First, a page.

Syteline does not provide unlimited room for adding codes via the start string however there is a way to shorten the start string so that more codes can be included.  You can combine more than one command which start with the same two characters after the Escape by changing the last letter of the first part to lower case and leaving off subsequent two character prefixes:

~E&l1O~E&l66P~E&l2X can be shortened to ~E&l1o66p2X (note the ending character is left uppercase)

There are plenty of resources online for additional options such as specifying which paper tray should be used as input and which output tray the completed job ends up in.  THIS SITE has plenty of useful information and downloads to help further specify PCL options.   Spend some time in the SyteLine printer defaults on your test database to get everything to your liking and then deploy to production when ready.  Good luck and hopefully some readers will now have the information needed to print like a pro.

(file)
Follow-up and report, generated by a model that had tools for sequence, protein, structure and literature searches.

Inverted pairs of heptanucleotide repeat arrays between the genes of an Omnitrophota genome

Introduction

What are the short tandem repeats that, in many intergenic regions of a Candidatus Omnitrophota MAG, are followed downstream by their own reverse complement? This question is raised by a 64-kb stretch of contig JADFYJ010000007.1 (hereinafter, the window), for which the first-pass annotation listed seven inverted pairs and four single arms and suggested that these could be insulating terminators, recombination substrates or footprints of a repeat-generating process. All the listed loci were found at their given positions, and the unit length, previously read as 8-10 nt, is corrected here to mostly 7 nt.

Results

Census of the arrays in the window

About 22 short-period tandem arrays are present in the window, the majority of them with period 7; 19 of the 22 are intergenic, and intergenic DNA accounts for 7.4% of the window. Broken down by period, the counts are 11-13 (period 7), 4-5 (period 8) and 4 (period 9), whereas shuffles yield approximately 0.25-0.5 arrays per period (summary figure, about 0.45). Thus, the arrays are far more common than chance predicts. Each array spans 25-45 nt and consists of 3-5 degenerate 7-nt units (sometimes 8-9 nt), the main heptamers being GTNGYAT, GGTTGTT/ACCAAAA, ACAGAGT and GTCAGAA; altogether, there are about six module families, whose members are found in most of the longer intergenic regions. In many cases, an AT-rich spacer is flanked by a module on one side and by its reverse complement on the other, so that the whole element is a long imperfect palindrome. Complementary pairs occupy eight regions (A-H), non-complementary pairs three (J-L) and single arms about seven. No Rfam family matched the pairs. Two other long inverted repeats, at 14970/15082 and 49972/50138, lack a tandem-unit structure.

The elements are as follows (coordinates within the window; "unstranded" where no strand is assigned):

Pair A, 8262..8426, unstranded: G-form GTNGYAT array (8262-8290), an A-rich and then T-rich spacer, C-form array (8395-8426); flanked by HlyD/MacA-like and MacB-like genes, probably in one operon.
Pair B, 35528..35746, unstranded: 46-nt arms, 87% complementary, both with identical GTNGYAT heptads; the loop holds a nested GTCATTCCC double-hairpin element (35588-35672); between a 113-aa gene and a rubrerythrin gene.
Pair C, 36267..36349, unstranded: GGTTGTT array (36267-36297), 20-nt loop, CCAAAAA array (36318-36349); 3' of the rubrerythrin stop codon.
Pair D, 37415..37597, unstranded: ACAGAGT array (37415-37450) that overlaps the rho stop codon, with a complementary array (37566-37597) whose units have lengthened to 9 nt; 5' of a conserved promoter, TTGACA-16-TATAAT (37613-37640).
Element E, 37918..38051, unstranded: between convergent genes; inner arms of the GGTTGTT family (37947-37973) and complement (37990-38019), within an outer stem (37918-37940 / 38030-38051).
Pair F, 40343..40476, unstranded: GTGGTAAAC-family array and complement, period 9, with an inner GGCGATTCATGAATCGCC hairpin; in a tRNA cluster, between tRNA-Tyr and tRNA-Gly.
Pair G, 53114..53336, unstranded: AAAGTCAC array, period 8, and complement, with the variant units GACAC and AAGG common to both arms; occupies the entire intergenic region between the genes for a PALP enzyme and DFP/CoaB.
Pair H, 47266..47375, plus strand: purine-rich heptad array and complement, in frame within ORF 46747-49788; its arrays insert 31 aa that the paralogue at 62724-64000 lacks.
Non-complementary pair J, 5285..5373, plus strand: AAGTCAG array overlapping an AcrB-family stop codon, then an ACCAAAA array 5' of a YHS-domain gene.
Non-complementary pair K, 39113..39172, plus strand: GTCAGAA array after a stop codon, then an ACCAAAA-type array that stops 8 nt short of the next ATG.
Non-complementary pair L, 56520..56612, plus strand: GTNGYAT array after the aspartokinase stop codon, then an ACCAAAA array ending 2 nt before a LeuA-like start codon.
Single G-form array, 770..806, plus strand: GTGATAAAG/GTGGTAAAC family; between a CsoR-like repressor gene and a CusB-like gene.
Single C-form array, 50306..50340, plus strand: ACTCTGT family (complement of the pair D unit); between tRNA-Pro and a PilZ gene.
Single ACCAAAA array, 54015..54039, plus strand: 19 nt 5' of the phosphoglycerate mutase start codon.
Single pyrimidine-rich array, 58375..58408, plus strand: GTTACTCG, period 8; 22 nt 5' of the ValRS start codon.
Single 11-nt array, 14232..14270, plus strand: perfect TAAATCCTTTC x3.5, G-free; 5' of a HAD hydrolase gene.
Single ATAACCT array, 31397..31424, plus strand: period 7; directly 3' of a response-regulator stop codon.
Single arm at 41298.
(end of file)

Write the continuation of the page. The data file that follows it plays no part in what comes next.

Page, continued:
December 24, 2015      Comments (0)

As an application engineer I find that there are certain circumstances where having a GUI screen to perform a task is not always possible/practical.  There are many times that the client has given me access to the database server but not the application server and there are simply times I am going through upgrade steps and simply don’t have a working environment yet to perform tasks via the front end.   This week I needed to perform a SyteLine 7 to SyteLine 9 upgrade that put me in such a situation and I had to get creative to find a workaround.  For this customer one of the upgrade steps was to purge out all user scoped versions of forms from SyteLine 7 (not very many folks will spend time going through the process of FormSync and nor would I) however the newest version of FormSync was displaying nondescript errors on the delete operation.  T-SQL to the rescue!